Fall: The leaves start to change and the air grows crisp. It’s a transitional time when we begin hunkering down, preparing for winter and the holiday season. So what does this have to do with your skin? As your body’s largest organ, it’s wholly receptive to even the subtlest of shifts.
While the blistering cold doesn’t usually hit until December or January, fall’s coolness can affect your skin in a variety of ways. If you live in a location where the summer humidity fades into aridity, you’ll want to watch out for dermal dryness. Even though it’s not hot outside, it’s just as crucial to drink plenty of water to keep your skin hydrated.
Autumn days are often chilly and can lead to chapped lips and cheeks. Think about switching your moisturizer to something more substantial to preempt parched skin. And make sure you have a good lip balm on hand, avoiding petroleum-based ones. Instead, look for products with ingredients that actually nourish and protect your lips, like Shea butter.
The changing climate also affects we wear in these different conditions. As the weather turns cooler and brisker, we start bundling up in hats, scarves, sweaters, tights, and other garments. If not washed or sanitized, hats and scarves can be culprits of fall blemish breakouts. Even when properly cleaned, they can still cause irritations and yeast-related rashes from perspiration. Materials matter, too. Wearing warmer, heavier fabrics that aren’t as breathable can cause us to perspire, leading to body blemishes as well as rashes.
Seasonal dietary changes can also play a big role in our skin health. Fall holidays are often cause for more parties and gatherings. Some of the fall food pitfalls are pies, sugary cocktails, and candy. Many traditional ingredients, including sugar, wheat, and dairy, can be detrimental to the skin because they are pro-inflammatory.
Fall harvest provides an abundance of wholesome options. Opt for leafy greens, like kale or chard, or some seasonal squash, like butternut or acorn. All of these are anti-inflammatory, full of detoxing fiber, and rich in vitamins, minerals, and antioxidants. Your skin will thank you!
To help you maintain a beautiful glow this fall and holiday season, try these healthy and delectable skin-loving recipes:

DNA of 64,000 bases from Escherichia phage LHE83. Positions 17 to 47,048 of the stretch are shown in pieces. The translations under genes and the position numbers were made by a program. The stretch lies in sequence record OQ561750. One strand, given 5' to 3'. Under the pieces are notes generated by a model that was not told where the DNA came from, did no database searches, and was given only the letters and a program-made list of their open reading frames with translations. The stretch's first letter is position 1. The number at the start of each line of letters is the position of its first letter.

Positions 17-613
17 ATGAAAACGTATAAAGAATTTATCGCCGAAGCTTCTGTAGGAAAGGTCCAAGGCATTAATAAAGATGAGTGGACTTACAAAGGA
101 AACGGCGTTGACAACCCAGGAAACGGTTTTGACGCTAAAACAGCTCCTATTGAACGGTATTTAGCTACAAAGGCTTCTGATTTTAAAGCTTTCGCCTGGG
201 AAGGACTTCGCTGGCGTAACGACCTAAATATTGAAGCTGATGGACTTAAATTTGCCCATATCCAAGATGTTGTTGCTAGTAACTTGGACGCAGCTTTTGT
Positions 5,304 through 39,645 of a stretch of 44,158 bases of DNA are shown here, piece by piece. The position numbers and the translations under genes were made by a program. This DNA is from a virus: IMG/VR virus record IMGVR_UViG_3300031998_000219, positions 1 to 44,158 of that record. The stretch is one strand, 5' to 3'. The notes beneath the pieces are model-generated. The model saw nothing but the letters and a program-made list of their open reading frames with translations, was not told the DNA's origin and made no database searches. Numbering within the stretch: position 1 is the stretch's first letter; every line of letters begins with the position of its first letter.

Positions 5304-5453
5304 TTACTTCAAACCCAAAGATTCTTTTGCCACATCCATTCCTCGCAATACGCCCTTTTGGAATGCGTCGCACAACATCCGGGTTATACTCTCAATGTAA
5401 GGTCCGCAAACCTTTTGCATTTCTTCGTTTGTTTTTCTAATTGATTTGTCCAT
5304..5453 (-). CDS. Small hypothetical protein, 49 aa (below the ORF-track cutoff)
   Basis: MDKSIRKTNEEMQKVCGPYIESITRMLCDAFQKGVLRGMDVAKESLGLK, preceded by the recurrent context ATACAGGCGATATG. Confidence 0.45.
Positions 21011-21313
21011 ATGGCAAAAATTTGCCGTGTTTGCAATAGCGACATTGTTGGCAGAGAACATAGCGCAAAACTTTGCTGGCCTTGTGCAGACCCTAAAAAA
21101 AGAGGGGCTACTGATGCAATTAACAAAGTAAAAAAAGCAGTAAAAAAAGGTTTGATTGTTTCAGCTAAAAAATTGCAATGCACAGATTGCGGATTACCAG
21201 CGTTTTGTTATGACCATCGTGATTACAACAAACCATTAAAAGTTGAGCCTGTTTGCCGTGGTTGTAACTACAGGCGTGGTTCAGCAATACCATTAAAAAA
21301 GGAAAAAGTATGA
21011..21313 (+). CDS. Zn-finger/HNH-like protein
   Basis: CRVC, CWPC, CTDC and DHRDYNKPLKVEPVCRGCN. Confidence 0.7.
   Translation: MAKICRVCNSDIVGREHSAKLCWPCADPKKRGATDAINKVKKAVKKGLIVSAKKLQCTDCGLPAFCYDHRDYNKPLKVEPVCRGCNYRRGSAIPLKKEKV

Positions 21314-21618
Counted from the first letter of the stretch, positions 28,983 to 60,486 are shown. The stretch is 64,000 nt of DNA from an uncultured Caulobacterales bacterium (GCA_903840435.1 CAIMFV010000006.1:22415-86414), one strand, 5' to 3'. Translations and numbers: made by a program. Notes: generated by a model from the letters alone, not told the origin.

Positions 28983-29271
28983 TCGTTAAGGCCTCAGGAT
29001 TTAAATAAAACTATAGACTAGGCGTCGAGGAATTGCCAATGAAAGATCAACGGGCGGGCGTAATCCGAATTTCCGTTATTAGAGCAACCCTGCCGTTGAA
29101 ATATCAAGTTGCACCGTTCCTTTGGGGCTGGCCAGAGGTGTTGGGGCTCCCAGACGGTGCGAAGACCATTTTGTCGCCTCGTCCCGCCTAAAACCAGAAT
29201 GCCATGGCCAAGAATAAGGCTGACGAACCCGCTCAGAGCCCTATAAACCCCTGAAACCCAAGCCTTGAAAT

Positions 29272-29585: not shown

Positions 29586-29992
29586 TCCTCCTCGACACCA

A refreshing alcohol-free beverage that everyone will love.
- 6 oz. carbonated water
- Juice from ½ of a tangerine
- 2 tsp. unsweetened cranberry juice
Stir together the carbonated water and tangerine juice in a tall, thin glass. Add the cranberry juice. Finish with a decorative slice of tangerine on the rim or in the glass. (A fun addition is “REALLY BIG ice,” as we call it in my house. There are tons of molds available online or in stores. Try freezing them with a few real cranberries and/or tangerine rind inside for an oh-so-festive beverage.)
Cauliflower Mashed “Potatoes”
A yummy replacement for traditional mashed potatoes.
- 1 cauliflower, cut into florets
- Several whole garlic cloves (optional)
- Almond, cashew, or coconut milk
- Butter (optional)
- Salt and pepper to taste
Steam cauliflower for 10-15 minutes until tender. Drain (the dryer the better) — or roast in the oven with whole garlic cloves for a toasty flavor. Add milk and salt and pepper to taste. (Butter is optional.) Mash with a potato masher.
Try this in place of traditional green bean casserole.
- Brussels sprouts
- Coconut butter
Steaming is a simple, yummy way to prepare Brussels sprouts, but why not try this: Shave or quarter Brussels and place in a large bowl. Drizzle with melted coconut butter, and sprinkle with salt. Place on a baking sheet and cook at 450 degrees. Give it a shake once or twice while in the oven, and cook until golden brown.
Sweet Potato Fries with Caramelized Sage
Truly delicious without marshmallow or brown sugar.
- Sweet potatoes
- Coconut butter
- Fresh sage leaves
Cut sweet potatoes into fries. Take fresh sage leaves (if washed, make sure they’re dry), and place them in a frying pan with melted coconut butter on medium heat. Flip when one side is browned, and remove sage when caramelized. Put fries in a bowl with more coconut butter and salt and stir together. Place in a baking dish at 450 degrees and cook until browned (give it a shake once or twice while in the oven). Remove from oven and garnish with sage.
Deborah’s Holiday Pecan “Cheese” Cake
A vegan heavenly holiday delight!
- 1 cup pecans
- 2 cups unsweetened shredded coconut
- 3 T. cocoa powder
- 3 T. coconut sugar
- 1 1/2 T. maple syrup
- 1/2 T. coconut oil
Put all ingredients in food processor until they form a paste. Press into a tart pan, bake at 300 degrees for 10 to 15 minutes. Let cool.
- 140 grams dark chocolate, cut into pieces
- 1/2 can coconut milk
- 1 cup raw cashews, soaked overnight and drained
- 1/4 cup water
- 3 T. maple syrup
- 2 tsp. vanilla
- Juice of 1/2 lemon
- Pinch of salt
- 1/3 cup coconut oil, melted
Melt dark chocolate over low heat with coconut milk. Set aside to cool.
In a food processor or blender, combine cashews, water, maple syrup, vanilla, lemon juice, and salt. Blend well until super smooth. (The time to get it smooth will depend on your food processor or blender. It can take as long as 8 to 10 minutes.) Add melted coconut oil and blend again.
Add the cooled coconut milk/chocolate mixture to the cashew cream and blend. Pour into cooled tart crust. Decorate with shaved coconut and/or fresh berries.
For permission to reprint recipes contact Deborah Burnes at Sumbody.